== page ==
8. Let me help you confused people out. If a senior is spending $1,000/month or $12,000/year on Rx the Max they can owe is $3,600/yr plus 5% coinsurance with the new Rx coverage (with the ultra confusing donut hole and all). It’s pretty simple for seniors who are paying a lot for Rx. The President promised Rx coverage in Medicare and he delivered.
    Everybody knows the Rx bill was passed because of HSAs. Tom Baker thinks the HSA is a sideshow, ha ha. Dr. Eric wants to find out what the Dems want, that’s funny too. The Dems are the party with no ideas and even less power. Dr. Eric – the Dems want Socialized Medicine. You used to know this, remember? Matthew you have no children, remember? You have a single HSA plan. I’m always so amazed about a Brit who can come to America and bad mouth our elected President. Like I’ve said Matthew, without the US you would be speakin’ German right now.
    If you actually cared Matthew you would have pointed out that it was illegal for a senior to purchase Rx coverage in America before this Rx Bill. Eric wants to keep the ban on seniors from purchasing Rx coverage yet today. But Eric also told me HSAs were designed to do away with PPOs. Docs like to size up their patients and drain them of all cash if they can.

  9. “The Durbin-Berry-Schakowsky bill…. the Medicare Prescription Drug Savings and Choice Act of 2005 (H.R.752/S 345)…..
    A. Establish a standard drug-coverage plan administered by Medicare.
    B. Mandate negotiated prices for prescription drugs.
    By creating at least one standard drug-coverage plan administered by Medicare nationwide, this Democratic alternative would provide a simple option for those confused with the complexities of the plethora of competing private plans. With a recent Kaiser report finding more then 60% of seniors to not understand the program, a standard Medicare plan will help alleviate the current confusion with prescription drug benefit.
    Negotiating group-purchasing agreements with the drug companies can lower costs to both users and to taxpayers. According to the CBO, the Veterans administration and Department of Defense have saved an average of 41% and 42% of the wholesale costs of drugs though price negotiation. These saving could be used to help plug the “doughnut hole” and still save taxpayer money.
    ….57 current Democratic cosponsors in supporting the Medicare Prescription Drug Savings and Choice Act of 2005.”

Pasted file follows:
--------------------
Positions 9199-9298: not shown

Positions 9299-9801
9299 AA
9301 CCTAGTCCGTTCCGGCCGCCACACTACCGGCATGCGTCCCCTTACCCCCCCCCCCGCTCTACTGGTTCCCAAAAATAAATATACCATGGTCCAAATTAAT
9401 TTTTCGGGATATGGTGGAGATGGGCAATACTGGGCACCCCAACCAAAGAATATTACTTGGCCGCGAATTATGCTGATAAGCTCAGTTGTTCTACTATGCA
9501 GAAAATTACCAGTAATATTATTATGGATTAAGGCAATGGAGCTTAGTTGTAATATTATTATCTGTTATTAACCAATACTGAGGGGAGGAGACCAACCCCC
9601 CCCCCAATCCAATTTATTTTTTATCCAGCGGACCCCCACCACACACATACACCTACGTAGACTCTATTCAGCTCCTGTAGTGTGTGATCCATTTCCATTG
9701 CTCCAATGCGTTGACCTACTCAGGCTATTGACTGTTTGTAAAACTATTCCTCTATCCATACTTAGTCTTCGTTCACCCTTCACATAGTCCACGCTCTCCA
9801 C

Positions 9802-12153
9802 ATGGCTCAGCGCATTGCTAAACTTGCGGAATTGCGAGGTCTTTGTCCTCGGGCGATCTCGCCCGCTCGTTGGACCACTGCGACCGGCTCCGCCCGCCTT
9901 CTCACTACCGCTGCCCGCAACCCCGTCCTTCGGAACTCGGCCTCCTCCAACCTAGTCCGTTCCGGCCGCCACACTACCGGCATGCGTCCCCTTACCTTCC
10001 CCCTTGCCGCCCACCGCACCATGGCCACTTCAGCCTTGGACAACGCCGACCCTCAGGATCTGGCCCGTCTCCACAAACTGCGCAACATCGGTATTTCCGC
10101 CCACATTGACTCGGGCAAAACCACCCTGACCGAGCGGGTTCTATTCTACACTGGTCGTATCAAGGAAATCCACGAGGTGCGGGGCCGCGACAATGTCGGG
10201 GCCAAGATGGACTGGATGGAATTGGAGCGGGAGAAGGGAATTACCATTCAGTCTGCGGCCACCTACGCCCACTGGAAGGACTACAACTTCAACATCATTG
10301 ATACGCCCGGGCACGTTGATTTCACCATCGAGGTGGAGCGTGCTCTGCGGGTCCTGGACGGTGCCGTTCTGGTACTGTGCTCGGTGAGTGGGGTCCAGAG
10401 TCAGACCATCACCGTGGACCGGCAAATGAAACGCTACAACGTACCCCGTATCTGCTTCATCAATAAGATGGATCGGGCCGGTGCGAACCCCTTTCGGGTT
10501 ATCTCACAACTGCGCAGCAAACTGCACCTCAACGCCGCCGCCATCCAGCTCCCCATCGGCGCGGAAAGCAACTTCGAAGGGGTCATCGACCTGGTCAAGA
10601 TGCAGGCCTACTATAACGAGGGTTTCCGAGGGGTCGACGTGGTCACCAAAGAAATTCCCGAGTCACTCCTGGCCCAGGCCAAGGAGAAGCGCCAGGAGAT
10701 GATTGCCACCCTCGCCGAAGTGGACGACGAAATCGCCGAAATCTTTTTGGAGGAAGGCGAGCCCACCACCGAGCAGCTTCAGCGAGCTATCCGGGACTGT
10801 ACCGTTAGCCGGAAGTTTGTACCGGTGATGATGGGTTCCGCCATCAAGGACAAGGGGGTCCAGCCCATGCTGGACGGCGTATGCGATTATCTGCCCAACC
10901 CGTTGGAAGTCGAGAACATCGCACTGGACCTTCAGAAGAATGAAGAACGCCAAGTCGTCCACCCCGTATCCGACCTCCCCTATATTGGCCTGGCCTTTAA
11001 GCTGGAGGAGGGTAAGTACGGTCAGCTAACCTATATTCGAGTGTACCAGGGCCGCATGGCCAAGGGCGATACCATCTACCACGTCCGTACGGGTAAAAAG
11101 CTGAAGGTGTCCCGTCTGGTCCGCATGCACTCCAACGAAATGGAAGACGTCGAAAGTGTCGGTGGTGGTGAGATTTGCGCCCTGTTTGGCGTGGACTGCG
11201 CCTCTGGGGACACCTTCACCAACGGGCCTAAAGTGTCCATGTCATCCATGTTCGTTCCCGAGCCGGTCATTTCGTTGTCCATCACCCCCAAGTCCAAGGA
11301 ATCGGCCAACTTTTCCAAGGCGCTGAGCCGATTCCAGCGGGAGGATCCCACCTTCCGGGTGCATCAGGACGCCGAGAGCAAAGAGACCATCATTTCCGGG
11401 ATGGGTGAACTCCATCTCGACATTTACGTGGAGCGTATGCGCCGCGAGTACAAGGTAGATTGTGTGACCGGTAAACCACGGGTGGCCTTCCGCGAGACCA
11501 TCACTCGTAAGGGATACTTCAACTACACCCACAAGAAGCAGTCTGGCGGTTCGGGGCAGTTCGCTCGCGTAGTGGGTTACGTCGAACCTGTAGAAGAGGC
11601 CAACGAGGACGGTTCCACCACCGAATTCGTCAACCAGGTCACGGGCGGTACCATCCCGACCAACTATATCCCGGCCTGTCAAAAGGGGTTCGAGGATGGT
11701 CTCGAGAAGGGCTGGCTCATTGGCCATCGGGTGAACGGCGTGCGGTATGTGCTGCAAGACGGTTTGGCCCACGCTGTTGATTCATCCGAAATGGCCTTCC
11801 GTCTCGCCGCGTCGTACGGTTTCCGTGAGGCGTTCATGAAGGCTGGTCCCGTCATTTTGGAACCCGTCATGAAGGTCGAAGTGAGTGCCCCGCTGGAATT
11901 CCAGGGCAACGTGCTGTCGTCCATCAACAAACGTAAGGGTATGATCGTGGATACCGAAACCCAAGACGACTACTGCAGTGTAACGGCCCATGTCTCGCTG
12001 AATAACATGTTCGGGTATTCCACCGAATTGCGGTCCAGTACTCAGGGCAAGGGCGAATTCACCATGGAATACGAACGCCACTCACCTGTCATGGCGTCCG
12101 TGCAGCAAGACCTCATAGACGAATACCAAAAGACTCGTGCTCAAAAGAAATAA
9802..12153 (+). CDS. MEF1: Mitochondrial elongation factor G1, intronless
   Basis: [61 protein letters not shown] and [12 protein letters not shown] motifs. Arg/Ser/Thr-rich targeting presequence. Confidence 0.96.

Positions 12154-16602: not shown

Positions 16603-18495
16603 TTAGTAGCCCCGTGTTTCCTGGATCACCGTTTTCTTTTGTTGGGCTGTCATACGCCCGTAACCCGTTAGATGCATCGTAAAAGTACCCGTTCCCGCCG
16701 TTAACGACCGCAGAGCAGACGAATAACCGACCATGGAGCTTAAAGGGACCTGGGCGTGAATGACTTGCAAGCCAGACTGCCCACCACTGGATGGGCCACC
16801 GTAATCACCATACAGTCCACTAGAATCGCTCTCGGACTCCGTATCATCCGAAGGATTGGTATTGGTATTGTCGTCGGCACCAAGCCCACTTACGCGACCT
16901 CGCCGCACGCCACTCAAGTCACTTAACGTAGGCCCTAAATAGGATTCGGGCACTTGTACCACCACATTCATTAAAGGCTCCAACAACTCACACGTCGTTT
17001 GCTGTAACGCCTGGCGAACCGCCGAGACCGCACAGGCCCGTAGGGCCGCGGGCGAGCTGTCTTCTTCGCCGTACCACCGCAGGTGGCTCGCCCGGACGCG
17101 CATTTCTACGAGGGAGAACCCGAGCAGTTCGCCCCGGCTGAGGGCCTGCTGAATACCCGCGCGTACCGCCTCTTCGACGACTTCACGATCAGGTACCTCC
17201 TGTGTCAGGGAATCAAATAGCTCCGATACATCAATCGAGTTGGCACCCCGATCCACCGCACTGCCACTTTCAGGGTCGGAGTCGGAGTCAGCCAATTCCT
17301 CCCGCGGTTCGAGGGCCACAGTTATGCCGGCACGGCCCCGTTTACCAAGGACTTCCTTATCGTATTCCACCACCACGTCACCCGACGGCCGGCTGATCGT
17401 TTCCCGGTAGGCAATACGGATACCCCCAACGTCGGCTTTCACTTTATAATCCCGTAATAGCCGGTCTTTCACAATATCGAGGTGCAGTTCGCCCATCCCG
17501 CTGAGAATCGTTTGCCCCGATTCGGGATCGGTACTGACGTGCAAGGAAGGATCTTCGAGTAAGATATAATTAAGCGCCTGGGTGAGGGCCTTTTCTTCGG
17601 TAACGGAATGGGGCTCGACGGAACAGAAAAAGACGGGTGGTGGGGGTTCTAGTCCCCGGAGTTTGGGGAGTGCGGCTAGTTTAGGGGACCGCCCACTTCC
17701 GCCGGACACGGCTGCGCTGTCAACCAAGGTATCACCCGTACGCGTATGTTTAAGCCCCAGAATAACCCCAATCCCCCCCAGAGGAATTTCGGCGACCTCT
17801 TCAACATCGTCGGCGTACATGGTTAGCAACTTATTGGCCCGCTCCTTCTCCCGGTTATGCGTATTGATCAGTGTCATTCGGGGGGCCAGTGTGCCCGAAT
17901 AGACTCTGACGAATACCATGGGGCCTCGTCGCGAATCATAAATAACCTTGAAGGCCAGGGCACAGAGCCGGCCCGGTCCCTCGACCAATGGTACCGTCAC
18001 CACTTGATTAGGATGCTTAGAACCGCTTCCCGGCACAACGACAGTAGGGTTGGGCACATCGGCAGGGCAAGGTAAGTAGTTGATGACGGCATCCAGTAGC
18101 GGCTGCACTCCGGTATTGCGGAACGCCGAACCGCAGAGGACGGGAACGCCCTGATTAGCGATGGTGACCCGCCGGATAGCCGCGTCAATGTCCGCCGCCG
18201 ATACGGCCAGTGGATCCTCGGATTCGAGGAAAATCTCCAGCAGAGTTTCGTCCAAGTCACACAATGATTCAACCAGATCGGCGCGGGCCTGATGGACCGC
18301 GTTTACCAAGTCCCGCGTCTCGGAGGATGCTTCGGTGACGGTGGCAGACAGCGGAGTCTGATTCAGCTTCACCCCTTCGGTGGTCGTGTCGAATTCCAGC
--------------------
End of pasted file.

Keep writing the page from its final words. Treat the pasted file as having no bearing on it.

10. Matthew- I would make the case that we (the USA) cannot afford the program now. Reps from Cato and Heritage have made excellent arguments why this is so.
    One of the problems, as you know, with the program is the issue of “dual eligibles”– perhaps the most vulnerable group who are both on medicare and medicaid. The current system has problems, but is at least a known entity.
    This is a bad bill- re: drug plan- both sides ought to recommend its post-ponement.
    BTW- if you have info on what the Democrats will be campaigning on in 2006, you might be a step ahead of Senator Schumer and Howard Dean- both of whom have made it quite clear that the Dem’s plan is to be univeiled after the first of the year.

  11. Eric. If I was King, I’d stop it and immediately replace it with a totally reformed universal health care system that included drug coverage. In the real world if the choice is this or nothing, I’ll take this only because it’s such a screw-up that the Democrats can win back the Congress by campaigning to fix the mess the Republicans caused, and it does give some small measure of coverage to some poorer seniors who don’t get it now. Plus it wastes a lot less money than Bush’s fun other adventures in the desert and mortgaging my (and your) kids’ inheritance to give his rich friends a bigger tax cut.

  12. Matthew– that is not a real answer to my question– you do, then, support the implementation of what you call a “dog’s breakfast”?

  13. I find it very interesting that big Pharma increasingly sees the MMA as perhaps less than it was cracked up to be. Every exec I’ve spoken to foresees inevitable price erosion. Ideally (i.e. from the vantage of the overall health system and economy), this will lead to a shift in incentives, reducing the number of me-too drugs.
    On the other hand, I am not at all confident that HSAs will amount to anything other than a small sideshow, at best. At worst, we’ll see substantial outcomes losses as seniors zealously protect their “savings”, rather than seeking necessary care.

  14. It doesn’t need to be delayed. It needs to be fixed. No chance of that with the current bunch of clowns running the country. Hence the needs for grown-ups, (of which I grant you McCain is one).

  15. Matthew- do you support Senator McCain’s and Representative Flake’s proposals to delay implementation of the part D program for 1-2 years?